When 1.6 billion people worldwide do not have access to decent housing—that’s 1 in every 5 people—something needs to change. The global need for adequate shelter is enormous, but it is a cause Habitat for Humanity is committed to improving.
What is most essential to Habitat for Humanity’s ability to help families live in safe, decent, affordable housing? It is something obvious, but many people never give it much thought: land. Access to land lies at the heart of inadequate housing, preventing vulnerable communities from the most basic physical, economic and psychological security of adequate shelter.
Habitat for Humanity is dedicated to helping families in need of housing, but many families must first have access to land on which they can create a home. Although increasing access to land for shelter has long been a priority for Habitat, most people around the world do not have rights to land on which they can live, as many countries do not ensure people’s rights to their property. In fact, the majority of the world’s land ownership systems are broken, leading to a large portion of individuals in the world lacking adequate housing. To address this, Habitat for Humanity established the Solid Ground campaign to promote changes in land policies and systems to ensure that more people around the globe have a decent home.
Through the Solid Ground campaign, Habitat for Humanity is seizing the opportunity to mobilize and leverage its vast network of affiliated organizations and partners in support of access to land for shelter. As a global organization that has been working to improve living conditions since 1976, Habitat identified four key areas crucial to the mission by enabling access to land for shelter:
#1: Secure Tenure
Imagine if your home could be taken away from you at any time. Would you feel safe? Secure? Would you still invest in the repairs and the upkeep of your home? Secure tenure is the ability to live without fear of eviction. It is the foundation for improving housing conditions because it provides the stability necessary to ensure improvements to shelter are long lasting and often serves as a springboard to even greater development within communities. This problem—the lack of secure tenure experienced by so many—is exacerbated by rising urban land values, growing slums, structural discrimination against women, and natural disasters and violent conflicts. Secure tenure is thus crucial to Habitat’s mission to provide a decent place to live for people. The process of improving tenure security can take many forms, from anti-eviction policies to the issuing of state-backed titles, to legal literacy training.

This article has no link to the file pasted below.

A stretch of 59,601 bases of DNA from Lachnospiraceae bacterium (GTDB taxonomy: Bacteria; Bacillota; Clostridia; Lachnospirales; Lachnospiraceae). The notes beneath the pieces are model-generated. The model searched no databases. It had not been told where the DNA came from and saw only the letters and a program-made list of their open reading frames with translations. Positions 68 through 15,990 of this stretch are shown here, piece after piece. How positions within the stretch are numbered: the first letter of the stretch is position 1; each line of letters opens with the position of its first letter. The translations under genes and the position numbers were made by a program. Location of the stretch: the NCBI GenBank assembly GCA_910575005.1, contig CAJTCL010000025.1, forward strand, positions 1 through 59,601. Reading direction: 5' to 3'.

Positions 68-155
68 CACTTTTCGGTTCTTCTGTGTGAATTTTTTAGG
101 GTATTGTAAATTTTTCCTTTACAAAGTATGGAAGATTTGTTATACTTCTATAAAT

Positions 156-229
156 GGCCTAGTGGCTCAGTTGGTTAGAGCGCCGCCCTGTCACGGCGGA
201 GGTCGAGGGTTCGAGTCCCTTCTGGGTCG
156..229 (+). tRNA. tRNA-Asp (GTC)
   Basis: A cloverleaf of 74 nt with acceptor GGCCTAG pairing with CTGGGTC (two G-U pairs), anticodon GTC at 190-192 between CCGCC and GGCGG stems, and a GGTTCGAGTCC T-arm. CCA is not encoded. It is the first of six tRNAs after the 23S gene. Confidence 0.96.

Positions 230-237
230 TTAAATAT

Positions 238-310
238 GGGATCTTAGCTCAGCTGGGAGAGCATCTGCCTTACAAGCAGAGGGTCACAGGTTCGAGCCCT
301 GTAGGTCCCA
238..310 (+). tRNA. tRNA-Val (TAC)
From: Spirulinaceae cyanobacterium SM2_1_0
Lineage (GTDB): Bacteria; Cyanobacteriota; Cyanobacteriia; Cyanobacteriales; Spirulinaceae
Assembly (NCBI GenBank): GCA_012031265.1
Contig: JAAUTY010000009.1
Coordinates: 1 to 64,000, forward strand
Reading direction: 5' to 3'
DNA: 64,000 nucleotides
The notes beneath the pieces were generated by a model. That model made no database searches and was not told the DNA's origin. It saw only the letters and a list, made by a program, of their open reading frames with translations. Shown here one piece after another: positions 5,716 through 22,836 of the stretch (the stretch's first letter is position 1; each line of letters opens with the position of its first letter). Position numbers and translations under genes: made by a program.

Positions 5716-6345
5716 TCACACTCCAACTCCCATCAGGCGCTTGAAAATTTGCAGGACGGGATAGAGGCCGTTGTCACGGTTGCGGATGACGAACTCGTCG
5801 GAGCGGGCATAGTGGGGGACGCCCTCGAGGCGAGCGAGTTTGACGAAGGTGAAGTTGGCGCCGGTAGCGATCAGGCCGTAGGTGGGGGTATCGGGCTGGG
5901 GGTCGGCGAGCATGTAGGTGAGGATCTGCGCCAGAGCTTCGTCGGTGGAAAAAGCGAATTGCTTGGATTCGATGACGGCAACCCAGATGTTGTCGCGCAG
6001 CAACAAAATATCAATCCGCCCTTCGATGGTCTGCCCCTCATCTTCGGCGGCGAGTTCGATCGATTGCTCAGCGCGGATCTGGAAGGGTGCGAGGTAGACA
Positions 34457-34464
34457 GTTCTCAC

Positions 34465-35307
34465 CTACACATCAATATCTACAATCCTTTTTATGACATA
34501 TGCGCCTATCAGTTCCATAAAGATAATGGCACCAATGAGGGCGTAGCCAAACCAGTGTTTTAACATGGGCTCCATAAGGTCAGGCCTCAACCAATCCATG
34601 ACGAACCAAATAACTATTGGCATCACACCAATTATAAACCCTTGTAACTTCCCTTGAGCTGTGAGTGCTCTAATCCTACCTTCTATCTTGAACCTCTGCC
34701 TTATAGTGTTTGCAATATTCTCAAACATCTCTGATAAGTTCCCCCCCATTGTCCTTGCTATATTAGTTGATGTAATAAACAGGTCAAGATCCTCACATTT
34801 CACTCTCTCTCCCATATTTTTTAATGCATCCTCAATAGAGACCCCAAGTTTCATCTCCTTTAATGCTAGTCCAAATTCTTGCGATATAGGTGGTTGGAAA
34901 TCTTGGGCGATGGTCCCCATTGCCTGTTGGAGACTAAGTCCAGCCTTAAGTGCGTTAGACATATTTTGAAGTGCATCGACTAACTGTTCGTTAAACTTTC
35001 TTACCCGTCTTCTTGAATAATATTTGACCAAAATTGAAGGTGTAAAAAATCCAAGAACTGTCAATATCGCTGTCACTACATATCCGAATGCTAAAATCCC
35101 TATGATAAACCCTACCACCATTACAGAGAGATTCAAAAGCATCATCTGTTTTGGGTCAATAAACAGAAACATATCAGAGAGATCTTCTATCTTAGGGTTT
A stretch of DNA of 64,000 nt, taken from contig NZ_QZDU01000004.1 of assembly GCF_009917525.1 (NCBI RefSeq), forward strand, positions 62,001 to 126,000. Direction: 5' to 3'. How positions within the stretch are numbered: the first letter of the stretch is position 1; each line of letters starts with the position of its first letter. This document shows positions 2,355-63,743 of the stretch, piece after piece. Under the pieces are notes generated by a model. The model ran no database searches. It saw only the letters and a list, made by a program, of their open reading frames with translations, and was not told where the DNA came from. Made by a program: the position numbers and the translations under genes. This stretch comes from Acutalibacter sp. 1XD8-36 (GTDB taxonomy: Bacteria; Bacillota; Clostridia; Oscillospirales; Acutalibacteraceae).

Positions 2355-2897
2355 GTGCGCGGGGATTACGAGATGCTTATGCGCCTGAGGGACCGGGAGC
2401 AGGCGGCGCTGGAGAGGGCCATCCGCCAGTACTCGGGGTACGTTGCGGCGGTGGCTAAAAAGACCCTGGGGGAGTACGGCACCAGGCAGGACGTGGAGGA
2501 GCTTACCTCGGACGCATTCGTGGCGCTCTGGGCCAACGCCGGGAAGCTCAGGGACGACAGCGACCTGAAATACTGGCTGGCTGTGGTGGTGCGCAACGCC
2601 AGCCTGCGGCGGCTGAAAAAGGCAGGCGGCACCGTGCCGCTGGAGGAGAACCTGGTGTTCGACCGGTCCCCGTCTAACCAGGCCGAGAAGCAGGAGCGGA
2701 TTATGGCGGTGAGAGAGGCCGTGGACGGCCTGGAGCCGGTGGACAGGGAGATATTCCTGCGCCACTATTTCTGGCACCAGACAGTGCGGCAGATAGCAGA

#2: Gender Equality
Did you know many women around the world cannot own property? For many women and vulnerable groups across the globe, the difficulties of gaining property rights present a bleak obstacle to obtaining decent housing and a living wage. In more than half of all countries, laws or customs hinder women’s ownership or access to land, undermining women’s empowerment. But giving women access to land rights is vital if all are to have access to safe and decent housing. When women have secure land rights, their ability to invest in their own health and their children's increases. Women are then able to improve their safety and reduce risk of domestic and gender-based violence. They have greater opportunities to get jobs, start businesses, and save money, and they increase social participation and hold greater influence in community decisions.
#3: Slum Upgrading
Here is a sobering statistic: in developing countries, 1 in 3 urban residents live in slums. Let that sink in. Many governments receive pressure to beautify their cities, creating an economy in which the price of land has increased drastically. More and more, the poor are being forcibly evicted and pushed to the edge of cities to unplanned and poorly serviced areas. Thus, an increasing number of people have no choice but to move into illegal or informal land markets. In many scenarios, upgrading strategies, rather than eviction, can show promise. Slum upgrading is the practice of improving slums through a variety of infrastructure investments. In many cases, slum upgrading has demonstrated its potential to reduce poverty and allow people to access both dignity and a safe place to live.
#4: Disaster Resilience
In the past century, the number of disasters has steadily grown to nearly 400 a year. After a disaster, tenure problems may arise due to lost records, inheritance issues due to deaths, and a heightened sense of danger of losing homes or land. Disaster resilience is important for improving and maintaining decent housing conditions when disasters suddenly degrade or destroy housing. Through integrating disaster resilience, communities can tackle predictable disasters and better cope with the increasing impacts of climate change. Disaster resilience is important to incorporate into housing before a disaster strikes, as reducing vulnerabilities can mitigate against potential damage to people, housing and infrastructure. It is a critical consideration if we want to curb the number of people worldwide with inadequate housing.
Habitat for Humanity has learned from its programmatic work over the past few decades to identify four focus areas surrounding land. By focusing on these key areas—tenure security, gender equality, slum upgrading, and disaster resilience—we can help create a world where all people have access to a safe and decent place to live. Stay tuned for more information about these key areas and the work Solid Ground is achieving through this campaign. Read about how Solid Ground is working in 39 countries around the world.